The duo that keeps Uran safe from reclamation

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Published on Dec 29, 2019 11:33 PM IST
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By, Mumbai

With over 50 complaints filed in the past two years with various state agencies, environmentalists Nandakumar Pawar and BN Kumar have made it their aim to ensure villages in Uran tehsil, Navi Mumbai, are not flooded due to reclamation activities.

A 40-hectare mangrove forest in Uran, which had lost around 5,000 trees after tidal flow into the area, cut-off by a road was restored by the National Highways Authority of India (NHAI) after persistent complaints by the duo. “I was greatly concerned when I saw the massive destruction of mangroves. I educated myself on the importance of mangroves and wetlands and toured Uran and other areas extensively to understand the ground reality,” said Pawar, who is heading Shri Ekvira Aai Pratishtan (SEAP), an environmental group fighting for the rights of the fishing community across the Mumbai Metropolitan Region (MMR).

Two weeks ago, the Raigad district the administration admitted that 20 villages in Uran, Navi Mumbai, were flooded this year during monsoon, affecting 1,236 families, as a direct result of mangrove and wetland destruction. “We have been experiencing floods frequently, yet we do not realise the importance of protecting mangroves and wetlands,” said Pawar. His fight began way back in 2005 after a deluge in Mumbai.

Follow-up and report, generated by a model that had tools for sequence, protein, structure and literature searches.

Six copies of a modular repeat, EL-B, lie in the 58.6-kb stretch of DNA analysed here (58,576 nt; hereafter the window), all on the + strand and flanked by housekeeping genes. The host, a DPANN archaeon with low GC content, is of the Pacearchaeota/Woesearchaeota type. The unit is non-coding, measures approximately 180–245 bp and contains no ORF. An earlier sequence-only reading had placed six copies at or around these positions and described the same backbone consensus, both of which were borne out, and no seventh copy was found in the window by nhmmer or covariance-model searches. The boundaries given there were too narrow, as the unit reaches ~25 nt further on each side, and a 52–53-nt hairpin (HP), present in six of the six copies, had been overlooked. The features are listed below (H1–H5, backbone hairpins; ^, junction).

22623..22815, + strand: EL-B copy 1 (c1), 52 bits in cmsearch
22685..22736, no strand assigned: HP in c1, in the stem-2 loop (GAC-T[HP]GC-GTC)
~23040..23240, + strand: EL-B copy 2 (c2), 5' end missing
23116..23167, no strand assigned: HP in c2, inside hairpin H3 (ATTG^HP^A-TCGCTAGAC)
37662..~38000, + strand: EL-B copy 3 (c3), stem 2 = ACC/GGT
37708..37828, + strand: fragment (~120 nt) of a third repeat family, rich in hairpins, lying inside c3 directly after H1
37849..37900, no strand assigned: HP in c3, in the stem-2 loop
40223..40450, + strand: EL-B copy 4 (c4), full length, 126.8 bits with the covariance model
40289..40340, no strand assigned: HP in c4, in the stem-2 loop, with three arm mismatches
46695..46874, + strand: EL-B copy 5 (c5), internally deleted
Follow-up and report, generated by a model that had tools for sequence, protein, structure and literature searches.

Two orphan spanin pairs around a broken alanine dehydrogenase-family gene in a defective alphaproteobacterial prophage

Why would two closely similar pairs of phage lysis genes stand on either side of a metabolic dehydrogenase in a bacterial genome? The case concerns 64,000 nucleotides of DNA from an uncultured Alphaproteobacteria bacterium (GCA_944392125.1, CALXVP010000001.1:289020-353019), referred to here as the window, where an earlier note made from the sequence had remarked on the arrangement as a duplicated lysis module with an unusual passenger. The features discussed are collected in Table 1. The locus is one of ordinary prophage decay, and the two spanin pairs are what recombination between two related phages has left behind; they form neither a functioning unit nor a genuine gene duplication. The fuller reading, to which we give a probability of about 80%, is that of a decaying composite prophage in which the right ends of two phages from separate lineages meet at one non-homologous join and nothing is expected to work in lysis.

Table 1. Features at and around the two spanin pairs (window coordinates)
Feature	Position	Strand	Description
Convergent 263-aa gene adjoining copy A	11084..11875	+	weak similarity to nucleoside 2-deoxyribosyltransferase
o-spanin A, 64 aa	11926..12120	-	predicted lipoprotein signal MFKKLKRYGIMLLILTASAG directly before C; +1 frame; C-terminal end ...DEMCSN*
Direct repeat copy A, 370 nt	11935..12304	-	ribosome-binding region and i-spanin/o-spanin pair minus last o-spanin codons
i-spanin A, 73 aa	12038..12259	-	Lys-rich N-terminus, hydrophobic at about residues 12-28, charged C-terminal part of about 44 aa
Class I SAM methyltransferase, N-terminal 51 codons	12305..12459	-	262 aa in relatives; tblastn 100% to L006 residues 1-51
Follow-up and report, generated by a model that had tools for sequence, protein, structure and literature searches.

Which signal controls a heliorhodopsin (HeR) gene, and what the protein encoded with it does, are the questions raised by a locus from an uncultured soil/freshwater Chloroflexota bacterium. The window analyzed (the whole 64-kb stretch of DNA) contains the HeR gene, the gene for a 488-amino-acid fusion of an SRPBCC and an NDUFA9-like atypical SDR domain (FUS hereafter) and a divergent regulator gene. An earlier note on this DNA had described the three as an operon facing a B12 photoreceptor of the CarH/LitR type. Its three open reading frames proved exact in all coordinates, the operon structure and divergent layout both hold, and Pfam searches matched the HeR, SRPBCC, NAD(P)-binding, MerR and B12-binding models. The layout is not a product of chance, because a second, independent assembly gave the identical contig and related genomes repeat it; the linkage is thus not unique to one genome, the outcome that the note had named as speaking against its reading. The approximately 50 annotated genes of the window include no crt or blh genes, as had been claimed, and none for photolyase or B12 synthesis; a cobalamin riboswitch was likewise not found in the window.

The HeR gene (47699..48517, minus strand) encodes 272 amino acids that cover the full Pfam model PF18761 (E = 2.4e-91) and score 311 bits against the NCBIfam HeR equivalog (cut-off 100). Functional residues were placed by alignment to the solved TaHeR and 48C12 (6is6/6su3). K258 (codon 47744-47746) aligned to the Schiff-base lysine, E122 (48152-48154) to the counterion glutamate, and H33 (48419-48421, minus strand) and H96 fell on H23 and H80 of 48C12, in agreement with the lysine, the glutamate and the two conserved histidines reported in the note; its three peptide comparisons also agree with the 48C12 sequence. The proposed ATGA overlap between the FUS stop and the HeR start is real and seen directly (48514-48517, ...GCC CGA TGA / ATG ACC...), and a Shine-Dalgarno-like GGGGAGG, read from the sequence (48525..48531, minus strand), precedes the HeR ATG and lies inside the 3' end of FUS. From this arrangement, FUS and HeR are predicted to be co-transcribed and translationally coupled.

The state’s coastal authority has declared Panje and Karanje wetlands in Uran are safeguarded as Coastal Regulation Zone (CRZ) I, the highest protection zone under the CRZ notification after Pawar filed a petition before the Bombay high court.

The duo also highlighted the mangrove destruction across 4.5 hectares, home to 4,550 mangrove trees. The forest department then, last month, slapped a fine of 1 lakh on the contractor appointed by Jawaharlal Nehru Port Trust (JNPT) and directed that the site be restored by allowing tidal water flow.

However, concerned with reclamation activities underway at Panje, Bhendkhal and many other wetland patches, the duo said, this is just the beginning of relentless fight to conserve ecological hotspots at Uran. “After BKC [Bandra-Kurla Complex] floods and the recent floods at Kalyan, Badlapur and Uran this monsoon, it is clear that officials are behaving in a lackadaisical manner. We are forced to move the courts to protect the environment,” he added.

Navi Mumbai resident Kumar, director of NatConnect Foundation started the environment mission with his campaign to protect the Parsik Hills from further quarrying and damage. Relentless efforts through complaints and awareness campaigns forced the City Industrial Development Corporation (Cidco) to put a full stop on quarrying. In 2017, he joined Pawar to highlight environmental degradation in Uran and losses incurred by fishermen.

Through a series of petitions filed by Pawar and followed up through right to information (RTI) responses from the state, and submitted as affidavits before courts, the duo has made it their mission now to ensure areas with migratory birds congregation are notified as wetlands and mangrove swamps as reserved forests. “Mangroves also serve as a breeding ground for a variety of marine life and they are the first form of defence against storm surges. In the climate change scenario we now live in, we will continue the fight against builders to protect nature for our future generations,” said Kumar.


    Badri Chatterjee is an environment correspondent at Hindustan Times, Mumbai. He writes about environment issues - air, water and noise pollution, climate change - weather, wildlife - forests, marine and mangrove conservation

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